On July 29, 2014, the Episcopal Church will celebrate the 40th anniversary of the ordinations of the first women as priests. To observe that anniversary, we reached out to women who have served at ASC over the last forty years — as well as those who have been sponsored for ordination and gone on to serve elsewhere — to share their stories. Here is one of them:
Amy G. Cox
“In the image of God, God created them; male and female God created them.”
I was seven years old when the Philadelphia Eleven were ordained. I don’t remember the moment, but I remember the years of discussion, debate, and difficulty that followed as I grew up:
- Would parishes in our Midwest diocese fail when they employed a priest who was a woman? (No.)
- Could women represent Jesus when they lacked the “right” gender/genitals? (Aren’t all Christians supposed to represent Jesus?)
- Could I be an acolyte? (mother: yes, rector: no)
- and on and on
Despite these growing pains, the Philadelphia Eleven and all who supported them blazed a trail that widened and deepened the Church and created room for the ordination of many women.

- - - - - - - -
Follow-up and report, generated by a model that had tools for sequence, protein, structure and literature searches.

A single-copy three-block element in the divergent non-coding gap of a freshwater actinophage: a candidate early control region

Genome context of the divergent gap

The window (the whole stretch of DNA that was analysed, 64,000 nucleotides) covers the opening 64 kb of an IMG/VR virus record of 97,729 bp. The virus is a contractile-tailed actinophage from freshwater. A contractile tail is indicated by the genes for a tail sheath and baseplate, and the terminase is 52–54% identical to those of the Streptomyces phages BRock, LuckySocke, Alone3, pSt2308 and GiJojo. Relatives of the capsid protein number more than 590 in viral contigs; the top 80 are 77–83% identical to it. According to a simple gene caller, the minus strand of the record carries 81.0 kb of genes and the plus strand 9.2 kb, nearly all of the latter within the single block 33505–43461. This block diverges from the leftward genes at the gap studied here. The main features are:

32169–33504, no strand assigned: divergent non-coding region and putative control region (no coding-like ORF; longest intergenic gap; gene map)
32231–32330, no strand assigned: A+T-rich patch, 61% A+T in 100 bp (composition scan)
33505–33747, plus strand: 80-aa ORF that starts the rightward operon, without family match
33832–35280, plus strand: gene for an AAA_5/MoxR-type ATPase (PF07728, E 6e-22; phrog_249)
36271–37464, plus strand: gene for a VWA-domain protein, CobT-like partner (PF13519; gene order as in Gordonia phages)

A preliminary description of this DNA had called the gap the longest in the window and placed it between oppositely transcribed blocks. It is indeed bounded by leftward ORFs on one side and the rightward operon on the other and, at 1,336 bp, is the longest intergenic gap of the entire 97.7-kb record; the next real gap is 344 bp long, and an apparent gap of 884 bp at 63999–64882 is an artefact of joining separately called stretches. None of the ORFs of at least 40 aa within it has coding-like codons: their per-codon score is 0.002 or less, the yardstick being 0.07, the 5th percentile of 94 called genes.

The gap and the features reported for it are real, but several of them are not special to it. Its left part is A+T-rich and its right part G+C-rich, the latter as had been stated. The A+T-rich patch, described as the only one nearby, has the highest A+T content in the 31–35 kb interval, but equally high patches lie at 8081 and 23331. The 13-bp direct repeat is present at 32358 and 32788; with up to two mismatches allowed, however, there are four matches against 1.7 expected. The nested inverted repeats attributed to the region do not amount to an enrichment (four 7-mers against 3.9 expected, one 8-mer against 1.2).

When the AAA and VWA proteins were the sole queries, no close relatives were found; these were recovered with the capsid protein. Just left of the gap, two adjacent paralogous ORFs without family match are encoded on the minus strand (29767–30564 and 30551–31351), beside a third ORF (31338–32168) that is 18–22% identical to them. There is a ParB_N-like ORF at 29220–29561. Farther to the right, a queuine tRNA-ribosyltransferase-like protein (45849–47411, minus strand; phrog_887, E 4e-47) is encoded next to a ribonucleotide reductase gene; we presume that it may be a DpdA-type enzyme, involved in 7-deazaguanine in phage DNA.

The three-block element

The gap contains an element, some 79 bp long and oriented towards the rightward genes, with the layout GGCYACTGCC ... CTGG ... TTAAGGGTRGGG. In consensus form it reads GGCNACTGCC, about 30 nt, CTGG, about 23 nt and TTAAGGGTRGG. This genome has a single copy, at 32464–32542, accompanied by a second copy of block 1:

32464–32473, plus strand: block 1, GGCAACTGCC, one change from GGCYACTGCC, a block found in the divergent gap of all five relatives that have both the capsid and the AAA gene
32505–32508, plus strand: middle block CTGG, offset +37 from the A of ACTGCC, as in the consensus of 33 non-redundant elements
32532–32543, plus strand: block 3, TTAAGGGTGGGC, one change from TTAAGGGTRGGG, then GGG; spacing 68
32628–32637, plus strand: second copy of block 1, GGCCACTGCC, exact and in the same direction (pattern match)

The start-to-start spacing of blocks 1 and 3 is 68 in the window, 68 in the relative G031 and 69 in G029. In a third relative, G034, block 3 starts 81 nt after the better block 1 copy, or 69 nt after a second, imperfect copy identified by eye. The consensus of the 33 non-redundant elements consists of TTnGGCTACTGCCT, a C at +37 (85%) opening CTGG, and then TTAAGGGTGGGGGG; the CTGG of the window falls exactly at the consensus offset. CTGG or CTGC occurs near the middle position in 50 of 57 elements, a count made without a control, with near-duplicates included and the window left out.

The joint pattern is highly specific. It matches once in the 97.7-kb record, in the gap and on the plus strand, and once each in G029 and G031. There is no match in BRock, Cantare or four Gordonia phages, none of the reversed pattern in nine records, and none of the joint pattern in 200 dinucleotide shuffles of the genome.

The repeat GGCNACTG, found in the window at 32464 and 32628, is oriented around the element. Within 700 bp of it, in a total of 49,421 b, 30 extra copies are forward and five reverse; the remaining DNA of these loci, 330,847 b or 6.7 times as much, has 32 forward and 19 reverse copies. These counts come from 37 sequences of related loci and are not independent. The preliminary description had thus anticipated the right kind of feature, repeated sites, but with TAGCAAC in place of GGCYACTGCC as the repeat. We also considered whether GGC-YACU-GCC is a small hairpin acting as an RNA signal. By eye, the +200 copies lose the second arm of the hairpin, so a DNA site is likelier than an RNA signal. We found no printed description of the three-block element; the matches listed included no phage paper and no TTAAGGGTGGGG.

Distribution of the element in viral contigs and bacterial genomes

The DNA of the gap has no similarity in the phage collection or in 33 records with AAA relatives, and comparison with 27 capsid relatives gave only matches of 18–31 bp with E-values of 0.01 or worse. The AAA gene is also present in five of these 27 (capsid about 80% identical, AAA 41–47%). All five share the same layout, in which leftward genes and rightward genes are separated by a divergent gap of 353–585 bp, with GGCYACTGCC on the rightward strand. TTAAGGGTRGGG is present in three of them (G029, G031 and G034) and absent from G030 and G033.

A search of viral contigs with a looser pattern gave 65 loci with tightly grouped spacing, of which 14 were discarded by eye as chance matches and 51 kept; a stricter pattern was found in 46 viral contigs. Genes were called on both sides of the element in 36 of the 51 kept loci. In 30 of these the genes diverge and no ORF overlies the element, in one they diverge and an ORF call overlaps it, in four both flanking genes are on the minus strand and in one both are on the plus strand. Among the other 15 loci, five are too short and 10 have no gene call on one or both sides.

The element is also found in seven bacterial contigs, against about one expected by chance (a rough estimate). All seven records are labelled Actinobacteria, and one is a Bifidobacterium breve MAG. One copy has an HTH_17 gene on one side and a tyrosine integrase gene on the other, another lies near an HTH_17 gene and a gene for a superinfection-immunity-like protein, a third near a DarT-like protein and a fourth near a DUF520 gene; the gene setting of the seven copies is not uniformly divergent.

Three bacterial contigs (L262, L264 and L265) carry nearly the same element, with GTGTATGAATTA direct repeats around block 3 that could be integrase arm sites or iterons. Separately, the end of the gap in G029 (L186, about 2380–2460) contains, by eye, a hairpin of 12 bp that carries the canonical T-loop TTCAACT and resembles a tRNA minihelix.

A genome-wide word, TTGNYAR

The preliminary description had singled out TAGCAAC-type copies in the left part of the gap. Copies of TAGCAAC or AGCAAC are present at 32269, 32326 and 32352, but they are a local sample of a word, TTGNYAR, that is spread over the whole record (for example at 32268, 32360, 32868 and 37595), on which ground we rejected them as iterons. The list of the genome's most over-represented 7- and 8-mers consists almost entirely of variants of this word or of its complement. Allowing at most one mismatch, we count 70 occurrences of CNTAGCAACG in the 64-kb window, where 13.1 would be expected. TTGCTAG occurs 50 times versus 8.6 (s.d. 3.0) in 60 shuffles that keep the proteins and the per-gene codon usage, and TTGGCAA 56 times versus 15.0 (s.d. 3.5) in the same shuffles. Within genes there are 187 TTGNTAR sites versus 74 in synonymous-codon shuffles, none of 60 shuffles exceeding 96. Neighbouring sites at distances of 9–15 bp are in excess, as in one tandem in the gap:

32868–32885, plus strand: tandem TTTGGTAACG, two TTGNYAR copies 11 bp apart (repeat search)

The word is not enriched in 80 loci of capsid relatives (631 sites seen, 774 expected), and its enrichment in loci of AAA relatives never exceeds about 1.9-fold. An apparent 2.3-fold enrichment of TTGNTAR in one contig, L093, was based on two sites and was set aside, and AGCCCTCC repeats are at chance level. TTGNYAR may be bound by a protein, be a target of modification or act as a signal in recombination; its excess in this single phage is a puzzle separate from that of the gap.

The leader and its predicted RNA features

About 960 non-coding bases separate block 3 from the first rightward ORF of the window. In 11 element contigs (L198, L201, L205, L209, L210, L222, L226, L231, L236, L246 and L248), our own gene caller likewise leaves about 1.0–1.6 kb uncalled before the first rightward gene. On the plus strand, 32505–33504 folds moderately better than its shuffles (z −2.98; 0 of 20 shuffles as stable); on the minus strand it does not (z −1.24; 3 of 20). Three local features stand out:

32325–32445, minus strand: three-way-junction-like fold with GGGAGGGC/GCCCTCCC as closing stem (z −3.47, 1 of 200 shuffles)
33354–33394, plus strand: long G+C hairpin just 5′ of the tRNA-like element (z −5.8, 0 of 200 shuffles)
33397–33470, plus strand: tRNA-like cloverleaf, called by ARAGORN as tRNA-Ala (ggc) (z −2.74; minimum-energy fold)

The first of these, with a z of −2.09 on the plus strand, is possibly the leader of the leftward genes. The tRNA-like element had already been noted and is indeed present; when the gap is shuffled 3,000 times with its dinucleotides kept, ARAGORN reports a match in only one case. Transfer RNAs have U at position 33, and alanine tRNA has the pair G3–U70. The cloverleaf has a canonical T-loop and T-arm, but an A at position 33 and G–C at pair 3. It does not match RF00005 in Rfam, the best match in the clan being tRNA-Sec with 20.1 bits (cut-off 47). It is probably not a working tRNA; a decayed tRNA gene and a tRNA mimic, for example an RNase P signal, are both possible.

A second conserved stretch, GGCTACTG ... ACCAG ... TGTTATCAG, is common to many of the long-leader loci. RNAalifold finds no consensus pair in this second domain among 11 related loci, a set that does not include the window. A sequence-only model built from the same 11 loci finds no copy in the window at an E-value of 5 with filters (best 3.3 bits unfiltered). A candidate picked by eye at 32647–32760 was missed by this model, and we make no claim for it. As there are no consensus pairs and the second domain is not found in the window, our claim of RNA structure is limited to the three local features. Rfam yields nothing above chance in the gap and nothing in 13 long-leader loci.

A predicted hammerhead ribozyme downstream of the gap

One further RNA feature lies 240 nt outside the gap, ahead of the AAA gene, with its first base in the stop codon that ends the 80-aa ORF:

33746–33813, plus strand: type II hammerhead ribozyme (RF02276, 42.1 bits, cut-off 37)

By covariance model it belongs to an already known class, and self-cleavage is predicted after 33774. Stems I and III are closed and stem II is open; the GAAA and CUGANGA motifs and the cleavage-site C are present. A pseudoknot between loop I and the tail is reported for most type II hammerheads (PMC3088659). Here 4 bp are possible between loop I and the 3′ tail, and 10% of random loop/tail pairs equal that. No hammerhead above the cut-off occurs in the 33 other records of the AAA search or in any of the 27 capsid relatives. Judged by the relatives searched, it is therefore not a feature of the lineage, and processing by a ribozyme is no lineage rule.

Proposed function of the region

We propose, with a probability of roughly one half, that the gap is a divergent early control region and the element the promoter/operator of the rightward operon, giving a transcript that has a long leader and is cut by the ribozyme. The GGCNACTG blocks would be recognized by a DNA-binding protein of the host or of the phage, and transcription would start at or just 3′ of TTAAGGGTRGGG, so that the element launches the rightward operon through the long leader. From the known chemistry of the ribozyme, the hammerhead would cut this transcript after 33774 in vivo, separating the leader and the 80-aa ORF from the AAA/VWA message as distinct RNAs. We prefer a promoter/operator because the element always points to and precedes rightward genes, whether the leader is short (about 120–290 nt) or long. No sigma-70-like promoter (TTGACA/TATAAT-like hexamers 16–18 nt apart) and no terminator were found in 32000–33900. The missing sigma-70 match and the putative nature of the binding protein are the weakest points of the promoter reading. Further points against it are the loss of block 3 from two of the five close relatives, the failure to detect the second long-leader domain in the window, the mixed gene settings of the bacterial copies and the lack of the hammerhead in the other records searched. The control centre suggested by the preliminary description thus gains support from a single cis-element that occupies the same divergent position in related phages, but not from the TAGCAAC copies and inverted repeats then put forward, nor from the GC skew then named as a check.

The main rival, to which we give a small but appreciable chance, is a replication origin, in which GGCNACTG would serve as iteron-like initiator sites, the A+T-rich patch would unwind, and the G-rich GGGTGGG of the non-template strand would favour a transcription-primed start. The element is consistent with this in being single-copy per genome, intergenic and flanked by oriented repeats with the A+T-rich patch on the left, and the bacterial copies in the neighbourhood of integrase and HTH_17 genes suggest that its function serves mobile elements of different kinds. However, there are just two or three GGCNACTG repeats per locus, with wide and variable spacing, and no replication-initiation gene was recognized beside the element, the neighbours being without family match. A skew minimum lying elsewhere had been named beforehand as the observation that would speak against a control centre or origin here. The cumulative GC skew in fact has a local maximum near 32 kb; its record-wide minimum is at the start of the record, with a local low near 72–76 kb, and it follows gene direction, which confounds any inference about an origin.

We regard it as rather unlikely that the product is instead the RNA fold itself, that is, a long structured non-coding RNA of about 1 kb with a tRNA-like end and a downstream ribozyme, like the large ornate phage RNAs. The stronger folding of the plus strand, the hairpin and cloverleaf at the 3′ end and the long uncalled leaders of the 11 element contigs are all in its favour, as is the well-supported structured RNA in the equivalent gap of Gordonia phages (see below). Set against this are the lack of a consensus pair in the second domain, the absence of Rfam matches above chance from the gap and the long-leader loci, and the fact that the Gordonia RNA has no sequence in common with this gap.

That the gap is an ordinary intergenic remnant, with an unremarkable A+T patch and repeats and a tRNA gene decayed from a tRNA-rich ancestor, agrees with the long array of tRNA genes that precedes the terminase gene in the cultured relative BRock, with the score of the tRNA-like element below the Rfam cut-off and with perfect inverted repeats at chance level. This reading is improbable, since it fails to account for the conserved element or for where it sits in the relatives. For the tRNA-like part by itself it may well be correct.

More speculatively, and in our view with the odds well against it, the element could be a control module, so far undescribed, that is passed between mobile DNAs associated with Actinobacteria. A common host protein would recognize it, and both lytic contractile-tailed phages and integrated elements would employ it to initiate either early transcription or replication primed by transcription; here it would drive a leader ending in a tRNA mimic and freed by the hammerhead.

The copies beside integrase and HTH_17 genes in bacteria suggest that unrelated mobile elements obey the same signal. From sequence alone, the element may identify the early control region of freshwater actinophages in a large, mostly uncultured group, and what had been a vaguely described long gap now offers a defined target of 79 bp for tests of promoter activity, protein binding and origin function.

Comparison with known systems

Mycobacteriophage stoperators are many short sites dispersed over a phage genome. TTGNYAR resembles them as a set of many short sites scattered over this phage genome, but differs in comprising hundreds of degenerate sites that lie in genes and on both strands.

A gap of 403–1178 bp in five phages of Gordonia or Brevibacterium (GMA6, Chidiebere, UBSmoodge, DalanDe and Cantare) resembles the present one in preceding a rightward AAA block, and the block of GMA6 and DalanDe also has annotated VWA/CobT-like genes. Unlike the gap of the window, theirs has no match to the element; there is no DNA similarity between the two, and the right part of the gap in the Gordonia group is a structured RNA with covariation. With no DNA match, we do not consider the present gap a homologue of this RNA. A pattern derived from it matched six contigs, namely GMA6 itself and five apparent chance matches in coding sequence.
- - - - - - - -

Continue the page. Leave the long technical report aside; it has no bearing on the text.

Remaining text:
I am one of those women.
I could not, it turns out, have been ordained without them. Not only is this because prior to the Philadelphia Eleven, part of the Church was unable to see that God calls women to ordained ministry too. It is also because they modeled a way of being in the world that is more in touch with the movement of the Spirit than with the immediacy of human fears — fear of change, fear of those in power, fear of doing the wrong thing. When we are aligned with that Spirit, we are by definition continuing Jesus’ work of dismantling systems of oppression: in relationships, in government, in economics, and, yes, in the Church. The Philadelphia Eleven modeled what can happen when we step aside from human structures that have become brittle and allow the Spirit to flow through. When I was in discernment, I needed to see that the Episcopal Church was able to build fresh structures, to do new things when the old ways were obscuring God. The ordination of women did not happen easily, it happened with hard work and with resistance. But it happened.
On this 40th anniversary of the Philadelphia Eleven, I pray that the same willingness to lean toward the Spirit and away from our fears will continue blowing through me and through the whole Church. God only knows what might happen.